Take a look at these sober statistics:
- Spot truck rates have fallen by almost a third since the beginning of the year, while truck contract rates have risen.
- The spread between truck rates and contract rates is close to a historic high.
- Spot rates are always ahead of contract rates, usually by about three months.
- Shippers (firms that buy trucking from trucking companies) buy most of their capacity in the freight contracts market, which means they haven’t seen a reduction in freight rates yet.
- There are indications that truck contract rates have peaked (collected through a combination of surveys, channel checks and index models).
- Truck contract rates could drop by $ 0.35 per mile.
- As the price of diesel has doubled, contract rates will fall by more than 12.5% before shippers see a reduction in freight costs compared to the beginning of the year.
Bank of America Shippers Survey
According to a biweekly survey of shippers conducted by the Bank of America (BoA), freight rates are set for an even bigger rollback. This is bad news for transport companies, but good news about inflation.
The reduction in spot freight rates has been well documented by FreightWaves, but contract rates are still held. That will soon change, at least according to the second-largest bank in a survey of shippers in the United States.
The BoA Shipper Survey tries to capture the sentiment of 1,300 shippers by calculating their views on demand, capacity and rates. Consumer-related shippers account for 53% of the survey (retail and CPG), while industrial, manufacturing, materials and medical shippers make up the balance. The survey results are pooled every two weeks and have proven to be incredibly reliable predictors of future indicators measured by the survey.
Beginning in late February, survey results show increasingly negative views on demand and rates. This tracks with freight market data reported by FreightWaves over the past two months.
Indicators are presented as a diffusion index that measures whether participants believe that indicators will increase or decrease. When it comes to rates, anything in excess of 50 indicates that shippers expect rates to rise quickly. Below 50 indicates that shippers expect rates to fall.
Bank of America analysts wrote that “the rate indicator, which measures shippers’ opinion on truck rates, fell further after the April collapse, falling again to 38.0 from 38.8 in the latest poll, the lowest level since May 2020.”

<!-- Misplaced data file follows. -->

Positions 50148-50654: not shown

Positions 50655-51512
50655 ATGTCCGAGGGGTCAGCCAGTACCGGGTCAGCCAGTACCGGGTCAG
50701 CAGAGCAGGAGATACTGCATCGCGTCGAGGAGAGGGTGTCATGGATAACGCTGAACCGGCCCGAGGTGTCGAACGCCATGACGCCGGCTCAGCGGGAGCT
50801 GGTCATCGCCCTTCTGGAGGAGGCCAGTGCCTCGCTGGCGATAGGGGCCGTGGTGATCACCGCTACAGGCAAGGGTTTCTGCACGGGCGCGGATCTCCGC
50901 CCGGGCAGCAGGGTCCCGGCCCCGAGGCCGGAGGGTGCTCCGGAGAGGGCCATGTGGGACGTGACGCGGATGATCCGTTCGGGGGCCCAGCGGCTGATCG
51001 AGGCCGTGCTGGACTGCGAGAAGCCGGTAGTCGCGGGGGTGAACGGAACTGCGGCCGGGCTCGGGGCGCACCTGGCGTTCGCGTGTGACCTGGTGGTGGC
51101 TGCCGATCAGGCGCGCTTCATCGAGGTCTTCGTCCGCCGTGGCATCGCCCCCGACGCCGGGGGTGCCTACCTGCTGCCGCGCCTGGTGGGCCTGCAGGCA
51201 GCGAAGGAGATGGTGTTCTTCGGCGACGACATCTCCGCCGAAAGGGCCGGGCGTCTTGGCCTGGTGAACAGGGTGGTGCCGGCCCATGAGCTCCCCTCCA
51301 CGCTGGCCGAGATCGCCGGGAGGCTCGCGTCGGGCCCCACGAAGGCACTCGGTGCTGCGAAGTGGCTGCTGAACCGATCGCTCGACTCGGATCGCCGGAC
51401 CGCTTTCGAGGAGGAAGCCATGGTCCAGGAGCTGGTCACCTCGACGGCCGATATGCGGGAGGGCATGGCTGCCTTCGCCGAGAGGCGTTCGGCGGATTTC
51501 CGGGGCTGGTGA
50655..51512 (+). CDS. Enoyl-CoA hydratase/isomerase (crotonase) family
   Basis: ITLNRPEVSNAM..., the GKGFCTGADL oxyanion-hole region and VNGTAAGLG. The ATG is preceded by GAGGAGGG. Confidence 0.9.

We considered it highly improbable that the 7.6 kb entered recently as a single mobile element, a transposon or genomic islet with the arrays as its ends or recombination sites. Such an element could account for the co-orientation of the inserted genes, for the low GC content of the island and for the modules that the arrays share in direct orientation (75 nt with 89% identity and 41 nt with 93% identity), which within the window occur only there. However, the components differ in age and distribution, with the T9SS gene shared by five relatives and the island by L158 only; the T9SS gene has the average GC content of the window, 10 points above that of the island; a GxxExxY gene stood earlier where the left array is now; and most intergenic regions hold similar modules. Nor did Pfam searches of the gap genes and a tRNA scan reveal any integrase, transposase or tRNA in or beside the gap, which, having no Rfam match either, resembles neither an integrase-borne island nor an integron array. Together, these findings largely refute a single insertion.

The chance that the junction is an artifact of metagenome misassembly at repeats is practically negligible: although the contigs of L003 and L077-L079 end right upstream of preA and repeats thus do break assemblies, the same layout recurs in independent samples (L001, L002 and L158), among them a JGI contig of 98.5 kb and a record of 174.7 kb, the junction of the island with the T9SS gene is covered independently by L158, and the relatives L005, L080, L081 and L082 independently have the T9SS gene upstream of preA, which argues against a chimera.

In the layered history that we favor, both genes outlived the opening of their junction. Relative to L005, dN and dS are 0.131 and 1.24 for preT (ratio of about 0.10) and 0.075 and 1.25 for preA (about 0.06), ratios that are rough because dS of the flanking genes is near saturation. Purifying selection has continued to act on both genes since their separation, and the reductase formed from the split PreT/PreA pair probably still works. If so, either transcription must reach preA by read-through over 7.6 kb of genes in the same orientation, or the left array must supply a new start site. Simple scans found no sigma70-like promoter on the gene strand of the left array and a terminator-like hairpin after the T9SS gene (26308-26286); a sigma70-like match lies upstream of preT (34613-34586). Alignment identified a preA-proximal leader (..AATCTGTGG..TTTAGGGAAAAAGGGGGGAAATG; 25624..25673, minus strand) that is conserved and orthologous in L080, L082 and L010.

Since most shippers buy all or most of their capacity at contract rates, we can safely assume that shippers ’views on rates are largely related to their expectations regarding contract rates.
Reduction of spot rates in 2022
Spot rates on trucks peaked on January 14, 2022 and have fallen by 30% since then, according to the National Truck Index – Linehaul (NTIL.USA), which measures the main spot rate minus fuel. The index peaked at $ 3.01 per mile and is currently $ 2.09 per mile.
On the other hand, contract rates rose 3% over the same period and now stand at $ 2.90 per mile.
Over the same period, retail prices for diesel on the highway, according to a weekly survey by the US Department of Energy (DOE.USA), jumped 54%, or for a carrier operating at 6.5 miles per gallon, $ 0.30 per mile . With national contract rates for regular minibus transportation at $ 2.80 per mile as of January 9, 2022, the increase in fuel adds an 11% increase in contract rates.
If you combine fuel tariffs and liner shipping, a shipper who is fully operational in the contract market would see a 14% increase in van costs.
This surge largely explains the pain that Brian Cornell, CEO of Target (NYSE: TGT), expressed last week, describing the unforeseen increase in freight costs that the retailer has experienced so far in 2022, totaling more than 1 billion dollars.
Spread between spot and contract rates
The difference between spot and contract rates is almost as wide as ever (only slightly smaller than during the COVID block in April 2020). The spread for the contract minus fuel (RATES.USA) is -0.80 dollars per mile. The biggest spread in history was -0.84 dollars per mile in April 2020.
Looking back on 2019 (when the last freight recession occurred), the spreads averaged $ -0.43 per mile throughout the year. This means that on average $ 0.43 per mile was cheaper to move the load at the spot market rate than at the contract rate.